According a leading child welfare organization in Taiwan, “Internet literacy can help parents enjoy a better relationship with their children, FocusTaiwan.tw reports. A survey of nearly 1,300 5th- and 6th-graders conducted by the Child Welfare League Foundation found that 41% say they can’t discuss computer-related problems with their parents because the latter don’t understand, and 27% have “fought with their parents over the use of the Internet.” The survey also found that 37% of kids say their parents have never discussed Internet safety with them, a figure “three times higher than [is the case with] Australian parents, the foundation said.” In other findings, 37% of 5th- and 6th-greaders “often make friends via various online social networks such as MSN and Facebook” and 21% “have face-to-face meetings with online friends on a weekly basis.
Safer Internet Day 2105
- Cyberbullying is not a joke: Celebrities and public figures can make a difference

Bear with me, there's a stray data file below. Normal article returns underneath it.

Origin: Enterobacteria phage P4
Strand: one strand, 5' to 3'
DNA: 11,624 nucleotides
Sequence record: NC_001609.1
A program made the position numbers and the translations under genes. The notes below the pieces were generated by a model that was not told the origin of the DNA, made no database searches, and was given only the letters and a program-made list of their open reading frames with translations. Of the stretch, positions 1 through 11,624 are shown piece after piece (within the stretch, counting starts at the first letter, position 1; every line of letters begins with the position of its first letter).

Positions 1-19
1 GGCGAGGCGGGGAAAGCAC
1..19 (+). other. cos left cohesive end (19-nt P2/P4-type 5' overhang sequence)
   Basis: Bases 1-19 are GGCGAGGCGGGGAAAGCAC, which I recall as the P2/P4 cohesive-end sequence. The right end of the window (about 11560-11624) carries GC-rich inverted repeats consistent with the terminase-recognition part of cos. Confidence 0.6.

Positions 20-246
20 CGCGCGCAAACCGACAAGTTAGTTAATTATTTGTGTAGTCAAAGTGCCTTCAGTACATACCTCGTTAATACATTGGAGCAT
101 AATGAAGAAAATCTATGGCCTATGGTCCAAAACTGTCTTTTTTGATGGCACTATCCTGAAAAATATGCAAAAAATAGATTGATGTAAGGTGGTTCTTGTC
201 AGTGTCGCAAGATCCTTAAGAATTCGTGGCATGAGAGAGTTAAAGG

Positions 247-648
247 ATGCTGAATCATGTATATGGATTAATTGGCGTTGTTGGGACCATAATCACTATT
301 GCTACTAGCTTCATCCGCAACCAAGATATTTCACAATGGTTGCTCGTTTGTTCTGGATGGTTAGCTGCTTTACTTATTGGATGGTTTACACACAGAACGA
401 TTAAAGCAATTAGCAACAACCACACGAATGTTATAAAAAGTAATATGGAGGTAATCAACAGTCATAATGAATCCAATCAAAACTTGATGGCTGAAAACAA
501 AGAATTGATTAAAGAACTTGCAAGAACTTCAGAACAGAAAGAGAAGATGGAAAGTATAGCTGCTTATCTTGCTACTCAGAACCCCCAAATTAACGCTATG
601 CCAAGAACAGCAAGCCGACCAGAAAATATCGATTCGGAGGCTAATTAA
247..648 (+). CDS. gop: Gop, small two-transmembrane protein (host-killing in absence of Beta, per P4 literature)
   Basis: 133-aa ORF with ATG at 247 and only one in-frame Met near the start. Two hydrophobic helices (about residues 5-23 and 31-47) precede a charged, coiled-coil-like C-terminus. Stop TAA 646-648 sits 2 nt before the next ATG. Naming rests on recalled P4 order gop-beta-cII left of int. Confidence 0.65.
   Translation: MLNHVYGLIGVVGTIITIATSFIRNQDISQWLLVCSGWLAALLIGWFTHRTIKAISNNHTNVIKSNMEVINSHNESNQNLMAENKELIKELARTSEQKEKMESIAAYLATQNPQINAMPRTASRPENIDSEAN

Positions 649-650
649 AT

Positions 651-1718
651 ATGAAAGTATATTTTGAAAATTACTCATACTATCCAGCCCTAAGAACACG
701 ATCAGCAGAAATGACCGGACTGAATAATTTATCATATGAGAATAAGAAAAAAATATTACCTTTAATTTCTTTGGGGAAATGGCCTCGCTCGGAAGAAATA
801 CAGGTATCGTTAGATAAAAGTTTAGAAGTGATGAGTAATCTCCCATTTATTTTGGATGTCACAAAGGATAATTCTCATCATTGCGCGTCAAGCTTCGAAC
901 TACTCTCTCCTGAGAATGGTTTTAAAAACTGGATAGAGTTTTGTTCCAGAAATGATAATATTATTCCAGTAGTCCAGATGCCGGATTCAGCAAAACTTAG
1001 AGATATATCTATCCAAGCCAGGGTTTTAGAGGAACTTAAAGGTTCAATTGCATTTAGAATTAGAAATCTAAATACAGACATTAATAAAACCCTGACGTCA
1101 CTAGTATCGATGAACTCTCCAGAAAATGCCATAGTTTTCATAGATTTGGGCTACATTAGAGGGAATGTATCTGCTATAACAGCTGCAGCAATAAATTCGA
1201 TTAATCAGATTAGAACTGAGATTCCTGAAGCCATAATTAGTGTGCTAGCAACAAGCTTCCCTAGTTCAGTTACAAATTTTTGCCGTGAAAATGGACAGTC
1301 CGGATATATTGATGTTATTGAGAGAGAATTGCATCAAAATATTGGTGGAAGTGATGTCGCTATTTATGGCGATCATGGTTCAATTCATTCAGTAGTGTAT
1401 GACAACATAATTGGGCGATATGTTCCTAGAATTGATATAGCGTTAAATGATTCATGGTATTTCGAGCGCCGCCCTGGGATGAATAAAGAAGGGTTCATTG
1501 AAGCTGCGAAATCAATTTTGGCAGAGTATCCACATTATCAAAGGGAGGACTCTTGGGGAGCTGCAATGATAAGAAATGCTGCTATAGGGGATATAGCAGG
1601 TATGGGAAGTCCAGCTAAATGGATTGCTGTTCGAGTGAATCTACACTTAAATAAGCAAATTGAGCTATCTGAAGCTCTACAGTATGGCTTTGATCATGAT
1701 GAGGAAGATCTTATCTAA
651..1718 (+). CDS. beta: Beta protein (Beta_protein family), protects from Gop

- Facebook’s Scrapbook encourages photos of children, but think before you post
- Pew Survey: Reports of Facebook’s demise among teens greatly exaggerated
- Should I worry about my teens texting?
- Chromebooks & Google Apps appeal to schools & consumers
- Raising digital kids: 10 tips for improving parent-teen relationships
- Setting screen-time limits – for parents
- Digital Trust Foundation seeking proposals on digital abuse programs
- Parent bullying: The one-upper society
- What is the best way to introduce screen media to our three-and-a-half-year-old?
- Internet Explorer had a long and important life, but it’s time to move on
- Seven good smartphone security habits
- Arkansas bill puts youth safety and privacy in jeopardy
- Android apps to get age rating and manual review
- Facebook clarifies policies on nudity, hate speech and other community standards